Open access

Annari van Rensburg, Philip Herbst and Anton Doubell

The therapeutic implications of bicuspid aortic valve associations have come under scrutiny in the transcatheter aortic valve implantation era. We evaluate the spectrum of mitral valve disease in patients with bicuspid aortic valves to determine the need for closer echocardiographic scrutiny/follow-up of the mitral valve. A retrospective analysis of echocardiograms done at a referral hospital over five years was conducted in patients with bicuspid aortic valves with special attention to congenital abnormalities of the mitral valve. One hundred and forty patients with a bicuspid aortic valve were included. A congenital mitral valve abnormality was present in eight (5.7%, P = 0.01) with a parachute mitral valve in four (2.8%), an accessory mitral valve leaflet in one (0.7%), mitral valve prolapse in one, a cleft in one and the novel finding of a trileaflet mitral valve in one. Minor abnormalities included an elongated anterior mitral valve leaflet (P < 0.001), the increased incidence of physiological mitral regurgitation (P < 0.001), abnormal papillary muscles (P = 0.002) and an additional chord or tendon in the left ventricle cavity (P = 0.007). Mitral valve abnormalities occur more commonly in patients with bicuspid aortic valves than matched healthy individuals. The study confirms that abnormalities in these patients extend beyond the aorta. These abnormalities did not have a significant functional effect.

Open access

Daniel X Augustine, Lindsay D Coates-Bradshaw, James Willis, Allan Harkness, Liam Ring, Julia Grapsa, Gerry Coghlan, Nikki Kaye, David Oxborough, Shaun Robinson, Julie Sandoval, Bushra S Rana, Anjana Siva, Petros Nihoyannopoulos, Luke S Howard, Kevin Fox, Sanjeev Bhattacharyya, Vishal Sharma, Richard P Steeds, Thomas Mathew and the British Society of Echocardiography Education Committee

Pulmonary hypertension is defined as a mean arterial pressure of ≥25 mmHg as confirmed on right heart catheterisation. Traditionally, the pulmonary arterial systolic pressure has been estimated on echo by utilising the simplified Bernoulli equation from the peak tricuspid regurgitant velocity and adding this to an estimate of right atrial pressure. Previous studies have demonstrated a correlation between this estimate of pulmonary arterial systolic pressure and that obtained from invasive measurement across a cohort of patients. However, for an individual patient significant overestimation and underestimation can occur and the levels of agreement between the two is poor. Recent guidance has suggested that echocardiographic assessment of pulmonary hypertension should be limited to determining the probability of pulmonary hypertension being present rather than estimating the pulmonary artery pressure. In those patients in whom the presence of pulmonary hypertension requires confirmation, this should be done with right heart catheterisation when indicated. This guideline protocol from the British Society of Echocardiography aims to outline a practical approach to assessing the probability of pulmonary hypertension using echocardiography and should be used in conjunction with the previously published minimum dataset for a standard transthoracic echocardiogram.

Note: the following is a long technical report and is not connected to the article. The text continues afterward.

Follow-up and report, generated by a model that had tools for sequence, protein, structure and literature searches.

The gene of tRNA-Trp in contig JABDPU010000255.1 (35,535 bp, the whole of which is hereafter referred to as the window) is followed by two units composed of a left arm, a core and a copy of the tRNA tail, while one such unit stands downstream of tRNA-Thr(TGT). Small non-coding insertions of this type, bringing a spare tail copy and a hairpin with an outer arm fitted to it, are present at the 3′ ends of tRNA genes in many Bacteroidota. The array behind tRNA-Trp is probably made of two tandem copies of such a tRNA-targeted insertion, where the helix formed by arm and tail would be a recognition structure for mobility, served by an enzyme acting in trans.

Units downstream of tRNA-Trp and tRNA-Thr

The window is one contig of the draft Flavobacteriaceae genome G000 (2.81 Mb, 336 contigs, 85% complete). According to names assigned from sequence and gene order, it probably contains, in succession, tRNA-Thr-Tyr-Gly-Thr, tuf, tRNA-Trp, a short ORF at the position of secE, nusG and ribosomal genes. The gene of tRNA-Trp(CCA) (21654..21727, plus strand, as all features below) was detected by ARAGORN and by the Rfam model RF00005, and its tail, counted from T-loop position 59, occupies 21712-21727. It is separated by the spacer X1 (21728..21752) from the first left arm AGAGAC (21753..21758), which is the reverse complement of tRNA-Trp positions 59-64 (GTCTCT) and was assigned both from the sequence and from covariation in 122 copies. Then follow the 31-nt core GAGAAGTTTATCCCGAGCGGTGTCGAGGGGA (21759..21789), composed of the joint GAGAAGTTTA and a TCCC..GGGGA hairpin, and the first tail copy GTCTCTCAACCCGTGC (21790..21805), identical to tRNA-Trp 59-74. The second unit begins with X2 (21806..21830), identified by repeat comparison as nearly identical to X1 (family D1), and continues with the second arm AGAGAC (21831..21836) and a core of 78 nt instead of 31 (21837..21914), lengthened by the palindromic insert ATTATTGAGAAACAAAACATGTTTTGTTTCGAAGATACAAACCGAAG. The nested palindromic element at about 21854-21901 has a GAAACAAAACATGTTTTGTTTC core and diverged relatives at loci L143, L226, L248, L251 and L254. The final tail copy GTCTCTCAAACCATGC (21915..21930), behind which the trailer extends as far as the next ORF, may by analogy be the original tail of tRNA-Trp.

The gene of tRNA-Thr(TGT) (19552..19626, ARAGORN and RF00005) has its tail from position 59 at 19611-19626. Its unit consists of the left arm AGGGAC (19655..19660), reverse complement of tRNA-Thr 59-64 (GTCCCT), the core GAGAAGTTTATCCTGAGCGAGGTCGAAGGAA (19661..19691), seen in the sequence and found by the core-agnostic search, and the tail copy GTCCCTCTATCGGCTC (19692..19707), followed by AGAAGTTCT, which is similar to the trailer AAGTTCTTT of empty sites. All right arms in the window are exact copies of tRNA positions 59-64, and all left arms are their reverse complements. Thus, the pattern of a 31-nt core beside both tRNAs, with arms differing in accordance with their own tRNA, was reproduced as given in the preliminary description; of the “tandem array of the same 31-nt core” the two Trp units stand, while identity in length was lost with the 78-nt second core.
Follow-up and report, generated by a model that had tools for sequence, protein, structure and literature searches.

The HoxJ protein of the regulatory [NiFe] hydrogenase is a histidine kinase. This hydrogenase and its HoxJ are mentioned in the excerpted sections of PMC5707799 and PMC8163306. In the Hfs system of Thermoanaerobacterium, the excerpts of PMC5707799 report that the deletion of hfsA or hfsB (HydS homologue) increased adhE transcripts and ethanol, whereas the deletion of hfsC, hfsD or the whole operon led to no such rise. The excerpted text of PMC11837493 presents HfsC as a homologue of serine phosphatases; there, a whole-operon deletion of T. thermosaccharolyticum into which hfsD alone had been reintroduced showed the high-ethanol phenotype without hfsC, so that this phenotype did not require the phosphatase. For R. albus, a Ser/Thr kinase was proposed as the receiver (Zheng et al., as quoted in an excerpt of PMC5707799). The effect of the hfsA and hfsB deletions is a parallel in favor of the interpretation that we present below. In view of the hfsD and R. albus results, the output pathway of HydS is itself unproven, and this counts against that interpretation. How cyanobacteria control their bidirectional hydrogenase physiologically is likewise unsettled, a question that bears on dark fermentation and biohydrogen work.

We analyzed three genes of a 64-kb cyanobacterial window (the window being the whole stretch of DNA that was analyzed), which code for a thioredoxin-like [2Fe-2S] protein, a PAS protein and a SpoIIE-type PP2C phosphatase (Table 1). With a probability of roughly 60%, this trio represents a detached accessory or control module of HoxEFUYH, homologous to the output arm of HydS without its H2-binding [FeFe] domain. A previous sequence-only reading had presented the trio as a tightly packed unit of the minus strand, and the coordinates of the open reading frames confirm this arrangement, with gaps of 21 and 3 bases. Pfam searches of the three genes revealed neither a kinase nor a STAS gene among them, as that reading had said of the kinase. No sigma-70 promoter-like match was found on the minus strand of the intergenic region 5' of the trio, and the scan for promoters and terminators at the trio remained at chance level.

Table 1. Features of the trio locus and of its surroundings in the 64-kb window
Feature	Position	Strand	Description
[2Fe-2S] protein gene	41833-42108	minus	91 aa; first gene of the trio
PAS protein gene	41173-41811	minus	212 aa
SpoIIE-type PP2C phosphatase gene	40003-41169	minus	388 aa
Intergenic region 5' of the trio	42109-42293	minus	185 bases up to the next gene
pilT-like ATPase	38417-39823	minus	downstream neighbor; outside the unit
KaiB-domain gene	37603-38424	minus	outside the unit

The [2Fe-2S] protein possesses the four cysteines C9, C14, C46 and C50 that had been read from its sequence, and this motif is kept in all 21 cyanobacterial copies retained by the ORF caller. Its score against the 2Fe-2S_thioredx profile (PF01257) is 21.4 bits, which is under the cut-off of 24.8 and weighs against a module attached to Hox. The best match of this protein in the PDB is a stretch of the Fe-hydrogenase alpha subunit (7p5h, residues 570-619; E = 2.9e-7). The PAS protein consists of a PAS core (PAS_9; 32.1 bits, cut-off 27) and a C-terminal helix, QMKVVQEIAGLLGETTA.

Open access

Mohammad Qasem, Victor Utomi, Keith George, John Somauroo, Abbas Zaidi, Lynsey Forsythe, Sanjeev Bhattacharrya, Guy Lloyd, Bushra Rana, Liam Ring, Shaun Robinson, Roxy Senior, Nabeel Sheikh, Mushemi Sitali, Julie Sandoval, Richard Steeds, Martin Stout, James Willis and David Oxborough

Introduction

Arrhythmogenic right ventricular cardiomyopathy (ARVC) is an inherited pathology that can increase the risk of sudden death. Current task force criteria for echocardiographic diagnosis do not include new, regional assessment tools which may be relevant in a phenotypically diverse disease. We adopted a systematic review and meta-analysis approach to highlight echocardiographic indices that differentiated ARVC patients and healthy controls.

Methods

Data was extracted and analysed from prospective trials that employed a case–control design meeting strict inclusion and exclusion as well as a priori quality criteria. Structural indices included proximal RV outflow tract (RVOT1) and RV diastolic area (RVDarea). Functional indices included RV fractional area change (RVFAC), tricuspid annular systolic excursion (TAPSE), peak systolic and early diastolic myocardial velocities (S′ and E′, respectively) and myocardial strain.

Results

Patients with ARVC had larger RVOT1 (mean ± s.d.; 34 vs 28 mm, P < 0.001) and RVDarea (23 vs 18 cm2, P < 0.001) compared with healthy controls. ARVC patients also had lower RVFAC (38 vs 46%, P < 0.001), TAPSE (17 vs 23 mm, P < 0.001), S′ (9 vs 12 cm/s, P < 0.001), E′ (9 vs 13 cm/s, P < 0.001) and myocardial strain (−17 vs −30%, P < 0.001).

Conclusion

The data from this meta-analysis support current task force criteria for the diagnosis of ARVC. In addition, other RV measures that reflect the complex geometry and function in ARVC clearly differentiated between ARVC and healthy controls and may provide additional diagnostic and management value. We recommend that future working groups consider this data when proposing new/revised criteria for the echocardiographic diagnosis of ARVC.